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Tag Archives: recycle
I am obsessed with purging.
No, I don’t mean I’m bulimic, but thank you for your concern.
Actually, I love purging stuff. I have since I was a five years old, when my mom discovered if she casually said, “Wow, that cabinet is so disorganized!” within earshot, I would chirp, “I’ll clean it!” and immediately start emptying its contents so I could put it back together in neat little rows.
When I’m feeling unhappy or bored or out of control, a good clean-out always lifts my spirits. Doesn’t matter what: jewelry box, clothing closet, box of ribbons, seeing everything neatly folded and knowing that I’ve banished some meaningless clutter from my life makes me feel good. I don’t mind, this must be the most productive addiction ever, without tipping into full-blown OCD land.
I’ve even considered, out loud, signing up for Task Rabbit just for the pleasure of getting to clean out other people’s stuff. I don’t really need the money. OK, my addiction to designer green clothing can get expensive. But really, I just like purging!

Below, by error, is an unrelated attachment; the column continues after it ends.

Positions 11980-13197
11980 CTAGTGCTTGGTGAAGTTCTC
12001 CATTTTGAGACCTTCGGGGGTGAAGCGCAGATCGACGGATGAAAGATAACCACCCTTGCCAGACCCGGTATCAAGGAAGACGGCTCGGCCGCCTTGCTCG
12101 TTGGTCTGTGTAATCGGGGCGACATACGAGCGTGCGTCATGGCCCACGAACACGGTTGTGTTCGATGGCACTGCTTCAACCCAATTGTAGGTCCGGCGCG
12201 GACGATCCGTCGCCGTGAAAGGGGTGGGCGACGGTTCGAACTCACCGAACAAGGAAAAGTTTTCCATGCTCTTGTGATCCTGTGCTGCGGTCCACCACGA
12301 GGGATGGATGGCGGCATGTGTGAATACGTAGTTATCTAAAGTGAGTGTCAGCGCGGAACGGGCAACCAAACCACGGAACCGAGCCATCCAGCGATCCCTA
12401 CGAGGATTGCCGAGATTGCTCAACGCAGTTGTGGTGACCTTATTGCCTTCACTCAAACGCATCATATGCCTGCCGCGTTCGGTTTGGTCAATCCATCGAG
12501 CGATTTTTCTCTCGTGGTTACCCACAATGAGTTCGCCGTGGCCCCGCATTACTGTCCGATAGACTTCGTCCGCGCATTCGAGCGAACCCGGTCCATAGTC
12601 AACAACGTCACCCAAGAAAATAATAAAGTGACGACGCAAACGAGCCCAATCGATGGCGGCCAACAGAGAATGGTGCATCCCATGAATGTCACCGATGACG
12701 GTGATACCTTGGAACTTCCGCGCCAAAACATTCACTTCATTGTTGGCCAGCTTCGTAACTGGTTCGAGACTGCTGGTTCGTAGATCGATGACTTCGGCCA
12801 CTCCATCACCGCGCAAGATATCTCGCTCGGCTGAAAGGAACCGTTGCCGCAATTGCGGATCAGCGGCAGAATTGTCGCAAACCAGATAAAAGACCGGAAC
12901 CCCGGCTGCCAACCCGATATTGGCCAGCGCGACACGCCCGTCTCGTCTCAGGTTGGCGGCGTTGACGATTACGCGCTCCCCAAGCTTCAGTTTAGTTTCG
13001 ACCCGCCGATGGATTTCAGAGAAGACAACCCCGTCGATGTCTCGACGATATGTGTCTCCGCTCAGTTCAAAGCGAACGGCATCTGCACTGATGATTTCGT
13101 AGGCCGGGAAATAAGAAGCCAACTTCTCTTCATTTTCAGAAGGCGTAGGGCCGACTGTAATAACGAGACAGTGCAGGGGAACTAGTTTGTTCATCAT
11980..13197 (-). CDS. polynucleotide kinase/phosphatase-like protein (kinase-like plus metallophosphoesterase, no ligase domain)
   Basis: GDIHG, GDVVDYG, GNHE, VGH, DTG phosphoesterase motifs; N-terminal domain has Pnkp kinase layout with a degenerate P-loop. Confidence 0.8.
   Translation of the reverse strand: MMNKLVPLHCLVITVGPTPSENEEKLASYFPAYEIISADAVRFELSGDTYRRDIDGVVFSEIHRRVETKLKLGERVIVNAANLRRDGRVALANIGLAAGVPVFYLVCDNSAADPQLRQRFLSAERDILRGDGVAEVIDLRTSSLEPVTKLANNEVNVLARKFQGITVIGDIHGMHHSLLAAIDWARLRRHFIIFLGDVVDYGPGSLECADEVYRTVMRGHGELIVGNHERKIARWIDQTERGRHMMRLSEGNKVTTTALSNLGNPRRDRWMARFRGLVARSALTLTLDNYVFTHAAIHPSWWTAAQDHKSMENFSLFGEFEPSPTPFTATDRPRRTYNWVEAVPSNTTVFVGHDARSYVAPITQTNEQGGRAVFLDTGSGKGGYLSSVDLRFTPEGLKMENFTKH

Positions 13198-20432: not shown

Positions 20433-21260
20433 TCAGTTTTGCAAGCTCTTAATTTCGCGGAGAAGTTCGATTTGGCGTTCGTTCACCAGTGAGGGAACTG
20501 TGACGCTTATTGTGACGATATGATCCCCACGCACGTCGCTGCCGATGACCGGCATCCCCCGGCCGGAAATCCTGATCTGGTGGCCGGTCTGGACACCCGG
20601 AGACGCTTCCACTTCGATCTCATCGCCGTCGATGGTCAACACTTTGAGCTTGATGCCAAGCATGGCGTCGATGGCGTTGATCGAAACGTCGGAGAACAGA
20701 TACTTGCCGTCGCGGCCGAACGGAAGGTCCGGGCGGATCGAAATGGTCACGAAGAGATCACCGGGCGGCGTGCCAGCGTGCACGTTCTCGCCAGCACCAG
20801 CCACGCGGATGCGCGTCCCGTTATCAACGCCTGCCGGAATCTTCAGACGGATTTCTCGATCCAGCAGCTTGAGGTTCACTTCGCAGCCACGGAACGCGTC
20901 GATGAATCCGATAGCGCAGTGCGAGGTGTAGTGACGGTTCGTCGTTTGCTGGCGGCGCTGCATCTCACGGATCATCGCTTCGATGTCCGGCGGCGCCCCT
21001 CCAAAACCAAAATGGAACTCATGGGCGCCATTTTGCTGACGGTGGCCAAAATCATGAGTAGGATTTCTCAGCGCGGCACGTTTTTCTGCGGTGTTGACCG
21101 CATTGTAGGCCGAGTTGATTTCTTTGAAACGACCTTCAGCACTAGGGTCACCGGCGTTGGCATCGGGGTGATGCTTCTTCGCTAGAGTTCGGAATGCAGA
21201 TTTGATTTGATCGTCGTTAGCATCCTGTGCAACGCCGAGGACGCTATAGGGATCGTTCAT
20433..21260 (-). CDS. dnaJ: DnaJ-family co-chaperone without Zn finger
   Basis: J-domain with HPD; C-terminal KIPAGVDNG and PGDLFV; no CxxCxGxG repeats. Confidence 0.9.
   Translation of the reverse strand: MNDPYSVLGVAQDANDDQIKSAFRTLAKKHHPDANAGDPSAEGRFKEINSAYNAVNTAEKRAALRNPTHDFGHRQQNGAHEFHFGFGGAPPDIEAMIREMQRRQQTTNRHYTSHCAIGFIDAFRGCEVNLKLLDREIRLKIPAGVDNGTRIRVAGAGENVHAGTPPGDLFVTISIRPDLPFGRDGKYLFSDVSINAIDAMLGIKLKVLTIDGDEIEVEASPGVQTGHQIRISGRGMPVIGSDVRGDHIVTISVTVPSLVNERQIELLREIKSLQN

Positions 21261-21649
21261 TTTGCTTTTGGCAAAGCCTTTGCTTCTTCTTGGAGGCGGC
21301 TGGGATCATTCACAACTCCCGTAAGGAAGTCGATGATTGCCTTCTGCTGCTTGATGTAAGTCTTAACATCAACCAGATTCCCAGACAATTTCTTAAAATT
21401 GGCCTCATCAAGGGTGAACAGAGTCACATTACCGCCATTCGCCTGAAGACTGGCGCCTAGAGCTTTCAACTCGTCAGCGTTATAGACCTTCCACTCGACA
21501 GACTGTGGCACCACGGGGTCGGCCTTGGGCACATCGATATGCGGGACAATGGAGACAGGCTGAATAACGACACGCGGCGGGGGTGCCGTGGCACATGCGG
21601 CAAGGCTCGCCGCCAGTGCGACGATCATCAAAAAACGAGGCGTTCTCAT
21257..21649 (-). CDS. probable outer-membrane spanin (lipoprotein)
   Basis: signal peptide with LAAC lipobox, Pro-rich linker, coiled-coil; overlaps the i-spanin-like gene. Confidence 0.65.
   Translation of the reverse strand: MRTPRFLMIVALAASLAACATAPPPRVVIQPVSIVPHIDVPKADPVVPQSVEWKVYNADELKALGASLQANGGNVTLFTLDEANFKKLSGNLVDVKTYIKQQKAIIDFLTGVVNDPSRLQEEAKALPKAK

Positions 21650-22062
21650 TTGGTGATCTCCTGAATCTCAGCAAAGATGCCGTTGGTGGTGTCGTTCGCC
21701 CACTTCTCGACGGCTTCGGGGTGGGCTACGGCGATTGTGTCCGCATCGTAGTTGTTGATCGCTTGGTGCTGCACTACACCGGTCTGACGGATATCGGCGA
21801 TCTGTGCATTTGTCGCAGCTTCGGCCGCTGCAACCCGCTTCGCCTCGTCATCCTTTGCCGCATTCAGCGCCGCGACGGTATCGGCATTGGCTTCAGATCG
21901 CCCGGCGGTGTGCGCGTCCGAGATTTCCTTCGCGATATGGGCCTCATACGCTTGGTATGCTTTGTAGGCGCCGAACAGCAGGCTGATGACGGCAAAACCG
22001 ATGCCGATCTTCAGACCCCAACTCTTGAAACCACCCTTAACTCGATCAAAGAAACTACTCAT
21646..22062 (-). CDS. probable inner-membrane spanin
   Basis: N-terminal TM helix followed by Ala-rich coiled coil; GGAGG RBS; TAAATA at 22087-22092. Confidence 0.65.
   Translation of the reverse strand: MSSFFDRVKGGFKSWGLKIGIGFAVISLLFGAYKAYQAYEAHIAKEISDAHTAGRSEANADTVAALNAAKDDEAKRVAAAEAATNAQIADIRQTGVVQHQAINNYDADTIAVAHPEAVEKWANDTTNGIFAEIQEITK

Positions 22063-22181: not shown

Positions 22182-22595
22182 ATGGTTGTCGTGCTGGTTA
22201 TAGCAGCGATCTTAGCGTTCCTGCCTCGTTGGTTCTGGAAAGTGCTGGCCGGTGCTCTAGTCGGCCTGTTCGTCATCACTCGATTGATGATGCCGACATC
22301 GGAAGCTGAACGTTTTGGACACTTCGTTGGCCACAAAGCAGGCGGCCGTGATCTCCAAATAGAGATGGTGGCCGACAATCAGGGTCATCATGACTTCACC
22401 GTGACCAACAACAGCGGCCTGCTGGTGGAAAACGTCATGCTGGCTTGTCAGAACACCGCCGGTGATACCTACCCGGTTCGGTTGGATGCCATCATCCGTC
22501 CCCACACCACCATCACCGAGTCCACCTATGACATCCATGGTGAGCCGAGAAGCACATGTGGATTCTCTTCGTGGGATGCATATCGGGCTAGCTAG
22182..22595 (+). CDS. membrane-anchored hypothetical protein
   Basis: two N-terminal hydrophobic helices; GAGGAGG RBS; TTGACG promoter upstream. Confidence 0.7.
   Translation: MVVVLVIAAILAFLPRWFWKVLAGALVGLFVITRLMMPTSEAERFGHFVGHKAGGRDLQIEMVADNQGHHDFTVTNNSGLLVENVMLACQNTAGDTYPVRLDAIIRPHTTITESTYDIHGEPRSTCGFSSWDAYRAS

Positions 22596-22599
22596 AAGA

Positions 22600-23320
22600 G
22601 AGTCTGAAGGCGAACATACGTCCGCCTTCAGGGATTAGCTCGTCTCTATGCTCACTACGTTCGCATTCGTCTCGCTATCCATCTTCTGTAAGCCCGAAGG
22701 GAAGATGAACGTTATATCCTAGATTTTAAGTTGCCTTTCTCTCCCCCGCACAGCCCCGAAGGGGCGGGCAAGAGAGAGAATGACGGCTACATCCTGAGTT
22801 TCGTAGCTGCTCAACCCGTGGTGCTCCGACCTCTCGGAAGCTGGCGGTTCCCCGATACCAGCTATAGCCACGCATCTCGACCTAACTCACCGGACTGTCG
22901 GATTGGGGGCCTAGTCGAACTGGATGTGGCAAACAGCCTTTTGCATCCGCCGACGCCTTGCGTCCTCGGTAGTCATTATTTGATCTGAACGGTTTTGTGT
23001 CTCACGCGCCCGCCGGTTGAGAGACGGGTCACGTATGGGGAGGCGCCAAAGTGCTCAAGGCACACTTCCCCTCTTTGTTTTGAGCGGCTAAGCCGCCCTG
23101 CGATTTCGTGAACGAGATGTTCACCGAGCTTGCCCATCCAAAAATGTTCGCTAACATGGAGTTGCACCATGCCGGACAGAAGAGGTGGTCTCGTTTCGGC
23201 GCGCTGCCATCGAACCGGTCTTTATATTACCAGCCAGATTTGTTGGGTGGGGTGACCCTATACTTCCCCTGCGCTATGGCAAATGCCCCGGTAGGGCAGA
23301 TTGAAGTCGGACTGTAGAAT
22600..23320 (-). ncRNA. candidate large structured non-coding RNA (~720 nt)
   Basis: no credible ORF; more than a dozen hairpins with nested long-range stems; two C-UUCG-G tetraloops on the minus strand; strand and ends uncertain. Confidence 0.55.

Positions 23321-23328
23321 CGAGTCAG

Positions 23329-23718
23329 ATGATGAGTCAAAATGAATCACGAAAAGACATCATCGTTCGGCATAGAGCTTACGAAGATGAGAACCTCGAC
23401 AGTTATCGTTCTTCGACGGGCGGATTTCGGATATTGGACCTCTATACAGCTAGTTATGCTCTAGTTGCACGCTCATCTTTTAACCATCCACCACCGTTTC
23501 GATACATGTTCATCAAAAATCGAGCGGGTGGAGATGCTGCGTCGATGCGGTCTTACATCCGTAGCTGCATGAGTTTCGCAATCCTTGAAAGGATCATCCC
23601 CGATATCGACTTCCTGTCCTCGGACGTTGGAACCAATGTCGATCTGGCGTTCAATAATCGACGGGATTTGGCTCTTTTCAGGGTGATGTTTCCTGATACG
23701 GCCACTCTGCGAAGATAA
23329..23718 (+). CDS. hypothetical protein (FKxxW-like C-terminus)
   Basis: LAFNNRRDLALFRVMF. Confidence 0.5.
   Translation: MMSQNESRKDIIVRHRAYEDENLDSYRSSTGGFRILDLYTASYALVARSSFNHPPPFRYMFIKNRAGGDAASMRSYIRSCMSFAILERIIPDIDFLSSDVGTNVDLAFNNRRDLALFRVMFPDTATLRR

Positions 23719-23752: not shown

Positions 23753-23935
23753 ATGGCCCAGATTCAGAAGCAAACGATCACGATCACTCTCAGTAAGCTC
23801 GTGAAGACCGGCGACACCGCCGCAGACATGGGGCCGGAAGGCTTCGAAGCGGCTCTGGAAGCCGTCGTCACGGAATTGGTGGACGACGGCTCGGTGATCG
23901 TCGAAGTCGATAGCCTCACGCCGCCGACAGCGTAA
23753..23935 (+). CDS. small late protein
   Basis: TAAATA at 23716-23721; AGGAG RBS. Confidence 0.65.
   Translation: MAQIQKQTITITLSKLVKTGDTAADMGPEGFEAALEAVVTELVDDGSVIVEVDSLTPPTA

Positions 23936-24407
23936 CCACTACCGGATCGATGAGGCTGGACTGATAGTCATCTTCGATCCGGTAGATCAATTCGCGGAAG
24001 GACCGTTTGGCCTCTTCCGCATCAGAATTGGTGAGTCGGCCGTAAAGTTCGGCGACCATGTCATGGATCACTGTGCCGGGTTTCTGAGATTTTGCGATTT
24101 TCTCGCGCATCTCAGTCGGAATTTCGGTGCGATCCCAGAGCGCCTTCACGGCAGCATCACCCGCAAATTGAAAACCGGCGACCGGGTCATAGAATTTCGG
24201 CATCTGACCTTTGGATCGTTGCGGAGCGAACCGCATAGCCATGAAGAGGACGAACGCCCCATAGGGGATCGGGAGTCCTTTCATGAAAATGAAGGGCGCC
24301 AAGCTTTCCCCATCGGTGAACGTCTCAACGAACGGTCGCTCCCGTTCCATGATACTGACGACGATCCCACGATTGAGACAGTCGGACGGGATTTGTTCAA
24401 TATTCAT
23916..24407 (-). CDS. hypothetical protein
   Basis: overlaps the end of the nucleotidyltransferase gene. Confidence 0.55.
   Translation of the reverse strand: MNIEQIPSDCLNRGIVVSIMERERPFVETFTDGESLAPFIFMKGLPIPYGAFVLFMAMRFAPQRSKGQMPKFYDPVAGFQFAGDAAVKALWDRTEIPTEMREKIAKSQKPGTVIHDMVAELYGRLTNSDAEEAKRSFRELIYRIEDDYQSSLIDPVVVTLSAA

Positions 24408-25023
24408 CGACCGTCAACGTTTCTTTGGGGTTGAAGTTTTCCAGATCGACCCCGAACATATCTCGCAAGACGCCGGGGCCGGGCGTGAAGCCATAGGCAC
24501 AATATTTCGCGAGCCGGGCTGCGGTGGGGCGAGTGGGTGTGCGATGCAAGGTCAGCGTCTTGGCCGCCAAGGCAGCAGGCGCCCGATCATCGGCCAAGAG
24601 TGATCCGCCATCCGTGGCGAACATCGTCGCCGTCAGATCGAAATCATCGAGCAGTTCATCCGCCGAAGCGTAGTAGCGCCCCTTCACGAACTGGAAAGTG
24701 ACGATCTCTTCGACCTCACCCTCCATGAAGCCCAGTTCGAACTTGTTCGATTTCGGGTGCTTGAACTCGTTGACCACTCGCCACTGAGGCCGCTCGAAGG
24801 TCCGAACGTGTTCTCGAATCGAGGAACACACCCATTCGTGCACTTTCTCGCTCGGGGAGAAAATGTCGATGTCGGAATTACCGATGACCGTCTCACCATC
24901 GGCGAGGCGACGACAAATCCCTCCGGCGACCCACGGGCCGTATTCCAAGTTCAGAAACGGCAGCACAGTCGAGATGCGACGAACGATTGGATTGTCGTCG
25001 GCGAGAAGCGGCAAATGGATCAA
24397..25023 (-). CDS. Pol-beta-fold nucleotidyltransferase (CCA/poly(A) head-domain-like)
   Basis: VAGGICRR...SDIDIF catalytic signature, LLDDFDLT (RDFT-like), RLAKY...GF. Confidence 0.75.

So believe me when I say I’ve got getting rid of stuff down to an art. And when you combine fifteen practice rounds of purging in the last three years alone, with an obsession with all things sustainable, you know that nothing is going in the dumpster.
Oh, how I wish there was a fourth recycling bin called, “Shit other people could use.” But there is not. So behold: Where to take every single thing you could possible get rid of, and avoid the dumpster completely:
(Oh, and a note: I don’t sell on eBay. Yeah, I know, you can make so much money. But I find the whole process of communicating with buyers and taking stuff to the post office annoying. Therefore I’m not an expert and can’t speak to that, and will stick to NYC-centric solutions here.)
1. Preppy and Designer Clothing
I remember clearly the day I first went shopping in SoHo, and I chose to wear a lavender Milly sundress. It quickly became clear that I was I was wearing the wrong exact thing. I was so mortified that I marched into an edgy boutique and chose the nuclear option: “I’m completely lost. What should I wear?” I walked away with a lot of stuff, including my favorite leather jacket that I still wear. And I realized then that I needed to purge my closet of fifteen sundresses, three pastel polos, two khakis, one quilted jacket, three sunhats and one Ralph Lauren braid knit sweater. Bye bye Virginia, hello, Manhattan.